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Clinical Trials with Dismutec™ (Pegorgotein; Polyethylene Glycol-Conjugated Superoxide Dismutase; PEG-SOD) in the Treatment of Severe Closed Head Injury

  • J. Paul Muizelaar
Part of the Advances in Experimental Medicine and Biology book series (AEMB, volume 366)

Abstract

Although the suspicion for a role of oxygen radicals in disease and degeneration was raised a long time ago, the first publications relating free radicals with traumatic brain injury appeared only in 1981.1,2 Since then, however, a rapid development has taken place, culminating in a phase II human trial with a superoxide scavenger started in 19893 and several phase III clinical trials taking place at present. The initial laboratory experiments were concentrated on elucidating mechanisms for vascular damage after head injury. First, it was shown that in the early minutes after experimental fluid percussion injury in the cat, prostaglandin concentration in the brain increases, secondary to activation of the arachidonic acid pathway; this pathway leads to superoxide anion formation through the enzyme PGH synthase.1 Pretreatment with radical scavengers or with indomethacin, which inhibits cyclo-oxygenase and thus deprives the prostaglandin hydroperoxidase of substrate, protects the endothelium of the cerebral microcirculation from the effects of experimental brain injury.2 Subsequently, it was shown that immediately after the impact there is an increase in phospholipase C activity, which can release arachidonic acid in tissue, leading to oxygen radical formation.4 Further work showed that the radicals are produced not only in cerebral blood vessel walls but also in leukocytes and macrophages that accumulate in the brain between 3 and 24 hours after experimental injury.5 With the method used to identify the site of generation of the superoxide anion,6 only the vessel walls could be implicated in this process, but this is possibly because of insufficient penetration of the reagents into brain tissue.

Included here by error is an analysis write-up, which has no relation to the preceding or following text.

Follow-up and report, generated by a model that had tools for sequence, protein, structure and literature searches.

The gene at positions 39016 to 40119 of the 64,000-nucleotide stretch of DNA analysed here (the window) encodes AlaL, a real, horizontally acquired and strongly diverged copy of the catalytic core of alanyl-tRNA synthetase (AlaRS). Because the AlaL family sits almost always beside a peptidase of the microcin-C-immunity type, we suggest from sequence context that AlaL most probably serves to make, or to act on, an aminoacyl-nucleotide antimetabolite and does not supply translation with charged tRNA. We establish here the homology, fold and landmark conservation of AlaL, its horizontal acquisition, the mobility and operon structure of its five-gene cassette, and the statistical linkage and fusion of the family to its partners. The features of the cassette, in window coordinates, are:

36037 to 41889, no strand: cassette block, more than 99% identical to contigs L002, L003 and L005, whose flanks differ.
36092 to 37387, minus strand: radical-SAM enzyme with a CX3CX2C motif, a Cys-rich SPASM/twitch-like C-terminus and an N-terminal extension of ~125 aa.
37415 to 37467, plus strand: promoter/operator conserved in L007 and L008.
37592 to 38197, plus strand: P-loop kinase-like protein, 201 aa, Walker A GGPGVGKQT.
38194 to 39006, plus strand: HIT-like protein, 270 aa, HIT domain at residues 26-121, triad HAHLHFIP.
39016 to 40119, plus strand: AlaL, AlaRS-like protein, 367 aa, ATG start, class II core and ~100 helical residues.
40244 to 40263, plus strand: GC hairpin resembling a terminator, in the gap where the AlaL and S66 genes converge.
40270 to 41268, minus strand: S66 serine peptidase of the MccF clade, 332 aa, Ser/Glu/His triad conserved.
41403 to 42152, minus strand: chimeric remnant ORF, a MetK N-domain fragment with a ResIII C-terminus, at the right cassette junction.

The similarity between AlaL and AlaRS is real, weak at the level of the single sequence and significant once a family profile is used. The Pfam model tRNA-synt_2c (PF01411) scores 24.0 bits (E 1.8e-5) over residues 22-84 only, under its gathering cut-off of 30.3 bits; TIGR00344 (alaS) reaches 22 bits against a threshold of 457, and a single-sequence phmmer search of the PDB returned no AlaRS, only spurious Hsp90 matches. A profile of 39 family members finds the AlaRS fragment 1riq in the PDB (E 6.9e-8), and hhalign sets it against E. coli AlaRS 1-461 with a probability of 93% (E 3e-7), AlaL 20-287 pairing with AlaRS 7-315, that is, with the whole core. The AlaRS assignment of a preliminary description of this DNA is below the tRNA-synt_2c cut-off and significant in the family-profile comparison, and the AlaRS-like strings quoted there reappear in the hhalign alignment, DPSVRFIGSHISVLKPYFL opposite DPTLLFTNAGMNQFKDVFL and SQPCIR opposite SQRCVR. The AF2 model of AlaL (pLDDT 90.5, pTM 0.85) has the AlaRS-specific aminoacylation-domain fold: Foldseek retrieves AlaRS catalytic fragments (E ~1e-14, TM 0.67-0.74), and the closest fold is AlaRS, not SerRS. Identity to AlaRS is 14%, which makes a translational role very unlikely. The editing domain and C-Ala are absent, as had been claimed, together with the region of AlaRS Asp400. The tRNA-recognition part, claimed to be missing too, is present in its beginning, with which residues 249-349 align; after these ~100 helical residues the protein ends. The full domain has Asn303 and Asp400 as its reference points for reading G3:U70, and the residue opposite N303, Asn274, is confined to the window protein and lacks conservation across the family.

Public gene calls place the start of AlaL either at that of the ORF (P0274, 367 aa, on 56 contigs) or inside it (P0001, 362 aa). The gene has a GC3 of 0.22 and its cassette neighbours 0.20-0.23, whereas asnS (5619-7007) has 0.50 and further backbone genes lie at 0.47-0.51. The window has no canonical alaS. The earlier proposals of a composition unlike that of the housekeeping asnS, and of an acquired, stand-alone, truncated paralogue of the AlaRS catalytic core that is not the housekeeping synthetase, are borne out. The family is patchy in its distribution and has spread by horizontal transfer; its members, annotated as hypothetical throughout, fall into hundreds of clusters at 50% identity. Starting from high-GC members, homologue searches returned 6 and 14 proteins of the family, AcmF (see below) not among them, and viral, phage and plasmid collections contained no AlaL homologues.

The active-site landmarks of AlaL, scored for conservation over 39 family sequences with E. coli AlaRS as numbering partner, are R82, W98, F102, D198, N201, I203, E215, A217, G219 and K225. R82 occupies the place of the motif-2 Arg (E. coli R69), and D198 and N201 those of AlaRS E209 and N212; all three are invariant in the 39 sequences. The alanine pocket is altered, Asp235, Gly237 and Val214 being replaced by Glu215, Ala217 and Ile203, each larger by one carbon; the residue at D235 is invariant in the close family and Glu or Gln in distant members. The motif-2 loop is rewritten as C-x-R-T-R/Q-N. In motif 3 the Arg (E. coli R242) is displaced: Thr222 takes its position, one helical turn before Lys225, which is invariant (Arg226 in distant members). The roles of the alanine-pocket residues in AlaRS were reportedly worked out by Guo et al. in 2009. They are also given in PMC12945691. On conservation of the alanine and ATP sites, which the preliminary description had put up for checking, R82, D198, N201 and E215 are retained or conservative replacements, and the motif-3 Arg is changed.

Keywords

Traumatic Brain Injury Cerebral Blood Flow Head Injury Glasgow Coma Scale Glasgow Outcome Scale 
These keywords were added by machine and not by the authors. This process is experimental and the keywords may be updated as the learning algorithm improves.

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Copyright information

© Springer Science+Business Media New York 1994

Authors and Affiliations

  • J. Paul Muizelaar
    • 1
  1. 1.Division of NeurosurgeryMedical College of Virginia/Virginia Commonwealth UniversityRichmondUSA

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